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I think your question is slightly confused. Pap actually spends most of his time in the story drunk or otherwise under the influence of alcohol, apart from the time when he apparently is reformed by the well-meaning but incredibly naive Judge who tries to correct his alcoholism. It is Chapter Five that these events occur, and you might want to re-read it to remember what happens precisely.
What happens between Pap's first drunken scene in the novel and the new judge's attempts to reform him is that "the judge and the widow" try to legaly remove Huck from pap by going to the court. They ask for one of them to be his guardian. Note the new judge's response to this plea:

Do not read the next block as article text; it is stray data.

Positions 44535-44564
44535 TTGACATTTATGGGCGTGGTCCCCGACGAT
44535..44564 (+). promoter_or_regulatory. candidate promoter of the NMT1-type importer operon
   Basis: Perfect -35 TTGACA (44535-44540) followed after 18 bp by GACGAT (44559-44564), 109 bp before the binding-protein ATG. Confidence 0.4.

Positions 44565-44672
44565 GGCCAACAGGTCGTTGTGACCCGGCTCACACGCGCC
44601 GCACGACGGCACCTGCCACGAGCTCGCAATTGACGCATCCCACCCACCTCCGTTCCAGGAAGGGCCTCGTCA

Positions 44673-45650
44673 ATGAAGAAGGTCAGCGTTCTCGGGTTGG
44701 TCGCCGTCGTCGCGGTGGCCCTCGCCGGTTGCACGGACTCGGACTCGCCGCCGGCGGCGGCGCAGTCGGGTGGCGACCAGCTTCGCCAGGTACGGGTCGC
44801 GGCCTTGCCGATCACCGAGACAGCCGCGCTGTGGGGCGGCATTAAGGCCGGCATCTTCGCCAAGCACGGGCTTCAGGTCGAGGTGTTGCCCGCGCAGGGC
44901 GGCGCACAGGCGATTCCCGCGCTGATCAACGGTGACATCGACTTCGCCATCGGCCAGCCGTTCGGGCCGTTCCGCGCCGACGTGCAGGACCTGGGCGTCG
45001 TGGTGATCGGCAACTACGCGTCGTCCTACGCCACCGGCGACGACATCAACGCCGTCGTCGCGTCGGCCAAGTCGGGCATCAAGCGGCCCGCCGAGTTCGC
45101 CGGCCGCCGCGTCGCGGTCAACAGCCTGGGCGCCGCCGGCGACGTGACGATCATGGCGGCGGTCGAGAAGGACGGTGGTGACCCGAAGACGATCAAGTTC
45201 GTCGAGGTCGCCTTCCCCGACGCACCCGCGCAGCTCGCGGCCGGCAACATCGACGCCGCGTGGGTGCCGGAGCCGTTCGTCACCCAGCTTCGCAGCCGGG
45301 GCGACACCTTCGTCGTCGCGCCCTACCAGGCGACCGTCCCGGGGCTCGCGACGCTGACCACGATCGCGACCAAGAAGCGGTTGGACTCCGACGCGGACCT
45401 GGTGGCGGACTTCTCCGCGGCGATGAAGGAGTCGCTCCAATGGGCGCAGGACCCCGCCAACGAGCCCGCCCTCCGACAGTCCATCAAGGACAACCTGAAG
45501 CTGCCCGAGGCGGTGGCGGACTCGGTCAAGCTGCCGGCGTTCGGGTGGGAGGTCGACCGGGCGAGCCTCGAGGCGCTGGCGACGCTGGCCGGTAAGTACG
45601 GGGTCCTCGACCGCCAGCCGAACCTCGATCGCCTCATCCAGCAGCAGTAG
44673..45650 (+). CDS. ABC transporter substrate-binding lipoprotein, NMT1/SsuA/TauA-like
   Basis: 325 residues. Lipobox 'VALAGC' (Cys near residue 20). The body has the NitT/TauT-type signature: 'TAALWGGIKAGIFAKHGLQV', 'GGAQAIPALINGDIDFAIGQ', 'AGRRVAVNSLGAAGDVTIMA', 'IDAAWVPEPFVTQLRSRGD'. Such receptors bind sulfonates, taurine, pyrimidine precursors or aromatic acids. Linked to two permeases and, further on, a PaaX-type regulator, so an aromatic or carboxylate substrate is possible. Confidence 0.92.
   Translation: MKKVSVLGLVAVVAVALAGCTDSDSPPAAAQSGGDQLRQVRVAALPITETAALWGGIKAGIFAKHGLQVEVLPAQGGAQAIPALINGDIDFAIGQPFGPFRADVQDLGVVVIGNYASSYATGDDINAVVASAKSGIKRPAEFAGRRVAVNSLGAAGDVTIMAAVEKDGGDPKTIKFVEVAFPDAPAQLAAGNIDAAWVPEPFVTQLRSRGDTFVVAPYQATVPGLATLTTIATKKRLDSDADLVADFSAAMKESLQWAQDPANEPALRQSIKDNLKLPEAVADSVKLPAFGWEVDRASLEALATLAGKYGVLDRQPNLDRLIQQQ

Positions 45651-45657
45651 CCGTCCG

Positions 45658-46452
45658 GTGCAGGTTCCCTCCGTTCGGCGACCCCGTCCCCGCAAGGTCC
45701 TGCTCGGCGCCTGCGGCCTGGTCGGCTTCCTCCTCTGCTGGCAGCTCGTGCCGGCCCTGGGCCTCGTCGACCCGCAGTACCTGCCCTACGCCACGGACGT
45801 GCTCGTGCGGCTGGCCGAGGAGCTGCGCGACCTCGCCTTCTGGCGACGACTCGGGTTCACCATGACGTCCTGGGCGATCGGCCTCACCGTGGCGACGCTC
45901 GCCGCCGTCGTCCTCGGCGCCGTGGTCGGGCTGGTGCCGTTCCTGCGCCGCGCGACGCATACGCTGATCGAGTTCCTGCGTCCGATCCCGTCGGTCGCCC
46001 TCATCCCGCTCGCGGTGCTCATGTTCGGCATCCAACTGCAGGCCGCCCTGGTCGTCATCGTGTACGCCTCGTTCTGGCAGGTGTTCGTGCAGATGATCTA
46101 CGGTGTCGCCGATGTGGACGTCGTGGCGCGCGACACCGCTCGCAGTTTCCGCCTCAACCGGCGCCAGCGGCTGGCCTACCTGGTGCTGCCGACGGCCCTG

...but it was a new judge that had just come, and he didn't know the old man; so he said courts mustn't interfere and separate families if they could help it; said he'd druther not take a child away from its father.
Thus Judge Thatcher is foiled in his attempts to save Huck, much to the delight of Pap, who sees this as a personal victory and forces Huck to get some more money for him which he spends on getting drunk.
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